One piece of feedback that we hear from candidates is that they find portions of the screening, interviewing and decision-making process to be confusing, illogical and frustrating. Questions that we hear are:
When faced with these questions, we counsel our candidates to put themselves in the shoes of the hiring manager and analyze the process from their perspective. This begins by appreciating the challenge that these managers face, which is to answer the question:
Given the available talent, which ONE individual brings the most to the table and offers the best prospect for a mutually beneficial, long-term relationship with my organization?
One must also appreciate that the hiring manager—while handling their own responsibilities—must answer this question in a short timeframe using a multitude of criteria. These extend well beyond whether or not the candidate possesses the technical skills and experience required to do the job. These criteria consist of, but are not limited to:
How well is this candidate prepared to perform the responsibilities of the job?
How well will this candidate fit with us?
What “soft skills” and personal qualities does this candidate possess that will help them be successful in this and future roles?
Does this candidate possess the character desired by my organization?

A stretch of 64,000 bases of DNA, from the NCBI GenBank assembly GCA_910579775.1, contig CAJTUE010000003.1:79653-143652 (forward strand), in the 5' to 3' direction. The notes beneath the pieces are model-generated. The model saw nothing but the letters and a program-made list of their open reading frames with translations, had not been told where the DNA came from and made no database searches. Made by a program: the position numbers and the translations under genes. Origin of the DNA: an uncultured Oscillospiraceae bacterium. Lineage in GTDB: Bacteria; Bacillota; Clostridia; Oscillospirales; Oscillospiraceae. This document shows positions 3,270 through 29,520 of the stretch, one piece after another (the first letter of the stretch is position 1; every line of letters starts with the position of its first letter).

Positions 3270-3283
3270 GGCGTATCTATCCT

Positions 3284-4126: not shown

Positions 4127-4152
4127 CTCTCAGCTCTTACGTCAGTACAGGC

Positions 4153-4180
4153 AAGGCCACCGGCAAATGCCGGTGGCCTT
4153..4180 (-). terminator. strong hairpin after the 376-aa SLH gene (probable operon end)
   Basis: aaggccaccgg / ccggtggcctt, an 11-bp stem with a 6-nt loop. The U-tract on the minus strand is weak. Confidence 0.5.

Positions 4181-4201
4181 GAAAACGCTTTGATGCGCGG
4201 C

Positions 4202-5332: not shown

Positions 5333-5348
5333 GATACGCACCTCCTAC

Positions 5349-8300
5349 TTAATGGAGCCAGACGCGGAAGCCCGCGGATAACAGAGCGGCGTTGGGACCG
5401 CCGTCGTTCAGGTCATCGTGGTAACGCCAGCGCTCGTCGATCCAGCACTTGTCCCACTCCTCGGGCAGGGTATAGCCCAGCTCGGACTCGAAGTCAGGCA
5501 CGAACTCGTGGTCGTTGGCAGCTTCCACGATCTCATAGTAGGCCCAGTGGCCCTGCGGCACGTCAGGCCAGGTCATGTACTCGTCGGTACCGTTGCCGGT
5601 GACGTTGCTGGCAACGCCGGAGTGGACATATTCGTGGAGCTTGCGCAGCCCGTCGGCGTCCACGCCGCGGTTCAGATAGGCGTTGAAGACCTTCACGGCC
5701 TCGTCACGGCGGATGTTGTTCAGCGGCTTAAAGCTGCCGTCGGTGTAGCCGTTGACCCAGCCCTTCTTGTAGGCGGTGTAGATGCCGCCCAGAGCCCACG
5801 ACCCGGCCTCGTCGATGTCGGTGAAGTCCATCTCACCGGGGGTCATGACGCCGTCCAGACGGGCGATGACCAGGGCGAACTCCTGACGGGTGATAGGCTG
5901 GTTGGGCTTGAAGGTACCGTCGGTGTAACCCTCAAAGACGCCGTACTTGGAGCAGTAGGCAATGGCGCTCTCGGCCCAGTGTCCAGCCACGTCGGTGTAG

How will this candidate serve, and be perceived by, my company’s customers, employees, partners, and suppliers?
You’ll notice that most of these criteria can be difficult to assess without the benefit of getting to know someone over time. This highlights the true challenge of the hiring manager—to assess all of these criteria, in a short period of time, with the benefit of only a few brief interactions with each candidate. This also highlights the reason that the interview process can include some interesting questions and exercises—because they have been specifically designed to draw out information that will allow the interviewer to evaluate the candidate against these criteria.
So the next time you find yourself questioning the need for that fourth interview with a six-person panel, or wondering why you’ve been posed a question by a hiring manager that seems a bit off-the-wall, put yourself in their shoes. Remind yourself that they have a great deal riding on their decision, and try to determine which of these criteria they are attempting to evaluate. By appreciating the challenge they’re faced with, and understanding the lens through which they’re evaluating candidates, you will be able to better prepare for the interview process, which will in turn reduce confusion, frustration and stress.